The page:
This is a shortened version of my TBR's...one has 100+ books, another has 300+ books. I figured they were getting too unmanageable for people to peruse to pick books for me to read ;)
emeraldarrows
Feb. 24th, 2016 12:38 am (UTC)
That's quite the long list! Hope you enjoy. :)
amyofaquitaine
Feb. 24th, 2016 01:09 pm (UTC)
Thanks! This is only about 1/10 of the books I own but haven't read...the full list was getting too unwieldy!
msantimacassar
Feb. 24th, 2016 03:39 am (UTC)
These look like fun! I haven't heard of most of them! The only ones I've read is Revolution by Jennifer Donnelly and Belle Epoque by Elizabeth Ross, I enjoyed both of them!

I tried reading Deathless a while ago and it was just too odd for me. I'd be curious to hear if it gets better.
amyofaquitaine
Feb. 24th, 2016 01:08 pm (UTC)
I think all of Catherynne Valente's books are sort of odd. At the end of 2015, I read her 1920s-set novella Speakeasy (which was a retelling of "the 12 Dancing Princesses"...if you squinted hard enough & stood on your head) and the prose was GORGEOUS but I'm still not sure I understood the story, it was so weird lol. I started The Girl Who Circumnavigated Fairyland in a Ship of Her Own Making waaaay back when it was available free online (before it got printed/distributed) and remember thinking it was sorta bizarre, too.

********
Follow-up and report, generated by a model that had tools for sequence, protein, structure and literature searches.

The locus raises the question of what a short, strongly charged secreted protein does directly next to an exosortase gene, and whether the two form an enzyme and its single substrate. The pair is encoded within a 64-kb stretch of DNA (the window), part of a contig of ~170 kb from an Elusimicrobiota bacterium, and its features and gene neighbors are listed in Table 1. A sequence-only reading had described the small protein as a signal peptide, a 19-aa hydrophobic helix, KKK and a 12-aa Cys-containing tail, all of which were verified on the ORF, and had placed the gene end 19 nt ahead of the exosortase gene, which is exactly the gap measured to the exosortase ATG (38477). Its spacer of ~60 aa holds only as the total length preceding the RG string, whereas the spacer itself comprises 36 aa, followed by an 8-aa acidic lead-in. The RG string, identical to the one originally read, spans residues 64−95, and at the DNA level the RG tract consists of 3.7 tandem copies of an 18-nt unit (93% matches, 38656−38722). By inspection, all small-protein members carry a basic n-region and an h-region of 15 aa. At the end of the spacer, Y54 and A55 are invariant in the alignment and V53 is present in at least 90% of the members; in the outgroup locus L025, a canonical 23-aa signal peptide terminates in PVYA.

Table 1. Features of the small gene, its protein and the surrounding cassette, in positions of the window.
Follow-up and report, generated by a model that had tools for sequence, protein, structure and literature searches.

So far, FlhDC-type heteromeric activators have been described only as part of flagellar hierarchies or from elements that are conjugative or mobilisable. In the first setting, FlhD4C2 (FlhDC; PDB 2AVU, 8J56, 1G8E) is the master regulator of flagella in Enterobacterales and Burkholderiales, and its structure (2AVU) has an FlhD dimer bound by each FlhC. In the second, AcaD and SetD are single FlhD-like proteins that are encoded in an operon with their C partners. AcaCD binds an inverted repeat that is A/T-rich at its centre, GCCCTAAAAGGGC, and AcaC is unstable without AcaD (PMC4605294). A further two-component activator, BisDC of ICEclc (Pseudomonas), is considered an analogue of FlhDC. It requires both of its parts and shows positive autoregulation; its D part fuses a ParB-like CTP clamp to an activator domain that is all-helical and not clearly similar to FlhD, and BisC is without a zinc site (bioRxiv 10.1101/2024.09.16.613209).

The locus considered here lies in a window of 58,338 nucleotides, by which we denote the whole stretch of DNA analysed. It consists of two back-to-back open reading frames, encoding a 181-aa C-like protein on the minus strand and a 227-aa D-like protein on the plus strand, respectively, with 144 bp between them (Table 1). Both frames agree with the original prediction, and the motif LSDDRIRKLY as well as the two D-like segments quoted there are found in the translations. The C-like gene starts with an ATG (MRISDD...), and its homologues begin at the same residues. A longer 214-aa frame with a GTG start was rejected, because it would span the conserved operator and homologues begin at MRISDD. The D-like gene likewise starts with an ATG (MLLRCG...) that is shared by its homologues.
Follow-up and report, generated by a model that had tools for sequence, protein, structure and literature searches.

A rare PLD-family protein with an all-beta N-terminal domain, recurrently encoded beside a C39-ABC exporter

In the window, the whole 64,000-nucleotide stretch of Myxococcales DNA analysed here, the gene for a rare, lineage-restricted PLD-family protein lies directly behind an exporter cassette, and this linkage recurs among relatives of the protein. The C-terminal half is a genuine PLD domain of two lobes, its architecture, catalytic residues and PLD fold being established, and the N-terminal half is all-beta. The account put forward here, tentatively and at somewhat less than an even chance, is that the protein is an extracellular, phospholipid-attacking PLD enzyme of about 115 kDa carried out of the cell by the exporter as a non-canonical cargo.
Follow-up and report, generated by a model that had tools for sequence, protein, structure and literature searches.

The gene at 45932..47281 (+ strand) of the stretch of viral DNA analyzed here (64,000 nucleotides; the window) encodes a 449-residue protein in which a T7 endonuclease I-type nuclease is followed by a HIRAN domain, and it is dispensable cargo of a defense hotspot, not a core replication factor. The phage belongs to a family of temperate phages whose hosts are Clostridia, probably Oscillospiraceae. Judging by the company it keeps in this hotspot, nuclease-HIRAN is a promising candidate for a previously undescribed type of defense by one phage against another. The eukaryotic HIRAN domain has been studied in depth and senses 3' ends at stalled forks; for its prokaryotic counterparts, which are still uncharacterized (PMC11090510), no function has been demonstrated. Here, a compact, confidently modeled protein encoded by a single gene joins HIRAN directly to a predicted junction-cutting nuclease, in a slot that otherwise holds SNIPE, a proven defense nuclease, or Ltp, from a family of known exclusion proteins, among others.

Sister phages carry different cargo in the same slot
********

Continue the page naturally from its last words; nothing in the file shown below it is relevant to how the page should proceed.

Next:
pleasant_valley
Feb. 25th, 2016 08:43 pm (UTC)
So I guess I'm going to be spending the next hour looking up every book on this list I'm not familiar with and most probably adding them to my Amazon wishlist. :)

I've only read four of the books listed...The Girl With Glass Feet which I really liked (despite it being kinda weird), The Golem and the Jinni which I loved, The Treachery of Beautiful Things which I didn't care for at all and Sarah's Key which was a bit of a puzzle because I was engrossed by the stuff set during the war (even if it was gut wrenching and horrible and made me sob) but pretty much hated the present day stuff.

I'm intrigued by the premise of Deathless but I found The Girl Who Circumnavigated Fairyland in a Ship of Her Own Making really pretentious and annoying so I'm not sure if I could quite stomach another of Catherynne M Valente's books.
I have Monstrous, The Invention of Hugo Cabret, Behind the Scenes at the Museum, In the Shadow of Blackbirds, Bright Young Things and Ticker on my to-buy list so I'll be anxiously awaiting your feedback.
Oh, and I've been toying with buying Pride and Prejudice and Zombies too. Even though I'm not a big Matt Smith fan I want to see the film and figure I should try and read the book first.

And as I live under a large rock (think Patrick from Spongebob..) I'm not too familiar with what books are being turned into movies or TV shows (I only recently realized that A Monster Calls was being made into a film) so feel free to enlighten me! :P

Is the bottom gif from the Magician's show? The "Love wins" guy seems gloriously sassy. :D
(Deleted comment)
marblesonglass
Feb. 28th, 2016 03:43 pm (UTC)
I read Pride & Prejudice & Zombies and thought it was pretty good. I have Abe Lincoln: Vampire Hunter around here somewhere but I haven't touched it yet.
moonflowers
Feb. 28th, 2016 11:54 pm (UTC)
So many good books. I need to add more books set in the 1920s because I don't think I've ever read one set in that time frame besides The Great Gatsby! How sad!